Functions of BRCA1/2 Gene Products

BRCA1 and BRCA2 genes encode for proteins that have important roles in DNA repair and act as tumor suppressors. Though there are differences in the sequence and structure of the proteins produced by BRCA1 and BRCA2, they have similar biological functions.

Credit: Christoph Burgstedt/

Both BRCA gene products are reported to interact with the RAD51 protein, which is essential for DNA repair through homologous recombination. Mutations to the BRCA genes are associated with an increased risk of breast and ovarian cancers. The production of defective BRCA gene products has been found to inhibit their functional abilities as tumor suppressors leading to an increased risk of malignancy.

Interactions between BRCA gene products and RAD51

The proteins encoded by BRCA genes bind with RAD51, a gene product which aids in the repair of damaged DNA. Homologous recombination is a mechanism for repairing damage to double-stranded DNA to maintain genomic integrity. The mechanism repairs the damaged DNA by exchanging nucleotide sequences utilizing a sister chromatid.

RAD51 is a key component to the homologous recombination mechanism because it promotes homologous pairing and strand exchange. Gene products of BRCA2 directly mediate the recruitment of recombinase RAD51 to double-stranded breaks during homologous recombination. The structure of the BRCA2 protein contains a DNA binding domain that can interact with both single-stranded and double-stranded DNA, along with repeat sequences in the protein for RAD51 binding.

Point mutations in the BCR repeat sequence can compromise the interaction with RAD51. BRCA2 may also help regulate cytokinesis during the physical separation of cell division. A study found that BRCA2 gene products localizes at  the central spindle and midbody during cell division, with the absence of BRCA2 function leading to a failure of cytokinesis.

BRCA1 gene products and DNA damage repair

Though proteins encoded by BRCA1 and BRCA2 work via a common pathway of genomic protection and repair, their roles occur at different stages of the DNA repair mechanism.

The BRCA1 protein has a versatile role in DNA repair through its interaction with tumor suppressors, DNA repair proteins and cell cycle regulators. Therefore, the BRCA1 protein has a more diverse role in multiple DNA repair pathways, including homologous recombination, non-homologous end joining, single strand annealing and checkpoint regulation.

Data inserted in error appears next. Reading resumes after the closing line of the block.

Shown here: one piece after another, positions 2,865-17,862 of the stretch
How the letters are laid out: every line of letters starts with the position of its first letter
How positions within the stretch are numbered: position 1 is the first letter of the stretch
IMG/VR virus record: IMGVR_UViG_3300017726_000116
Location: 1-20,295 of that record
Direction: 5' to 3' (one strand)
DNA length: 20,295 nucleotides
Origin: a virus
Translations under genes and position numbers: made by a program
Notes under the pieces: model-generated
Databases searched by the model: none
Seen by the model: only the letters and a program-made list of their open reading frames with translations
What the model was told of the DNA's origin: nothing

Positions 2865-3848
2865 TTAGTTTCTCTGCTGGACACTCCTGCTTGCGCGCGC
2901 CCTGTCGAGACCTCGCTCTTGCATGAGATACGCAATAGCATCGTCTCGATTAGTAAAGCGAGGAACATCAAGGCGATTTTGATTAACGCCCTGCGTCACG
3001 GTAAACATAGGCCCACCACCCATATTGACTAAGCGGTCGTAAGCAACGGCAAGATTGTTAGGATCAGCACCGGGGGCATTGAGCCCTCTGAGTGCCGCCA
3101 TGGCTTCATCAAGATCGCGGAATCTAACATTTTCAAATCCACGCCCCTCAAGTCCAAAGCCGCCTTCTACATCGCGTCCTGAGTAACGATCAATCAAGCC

A 2017 study found that a tumor suppressor complex is also formed between BRCA1 and BARD1, a protein associated with BRCA1 and encoded by the BARD1 gene. This enables DNA repair through homologous recombination.

The interaction is an important mechanism for promoting the assembly of the synaptic complex, thereby enhancing RAD51-mediated DNA joint formation during homologous recombination. Defective proteins in the complex weaken the RAD51 interaction and compromise the DNA repair mechanism.

BRCA1/2 and hereditary cancer

The protein products formed from defective BRCA1 and BRCA2 genes do not function as required by the body. This means that their role in repairing damaged DNA is inhibited leading to an increased risk of cancer.

Mutations to the BRCA genes can be inherited from the mother or father, with a 50% chance of a child inheriting the mutation from a parent with the defective gene variation. BRCA1 and BRCA2 are associated with hereditary breast and ovarian cancer but can also cause an increased risk of prostate and pancreatic cancer.

The risk of malignancy differs depending on whether the mutation involves BRCA1 or BRCA2. For example, the risk of breast cancer in an individual with a BRCA1 mutation is between 46% and 87% whilst the risk from a BRCA2 mutation is between 38% and 84%. Molecular genetic testing is used to identify pathogenic variants of the genes, providing patients with the option of preemptive surgery.

Further Reading

Last Updated: Feb 26, 2019

Shelley Farrar Stoakes

Written by

Shelley Farrar Stoakes

Shelley has a Master's degree in Human Evolution from the University of Liverpool and is currently working on her Ph.D, researching comparative primate and human skeletal anatomy. She is passionate about science communication with a particular focus on reporting the latest science news and discoveries to a broad audience. Outside of her research and science writing, Shelley enjoys reading, discovering new bands in her home city and going on long dog walks.


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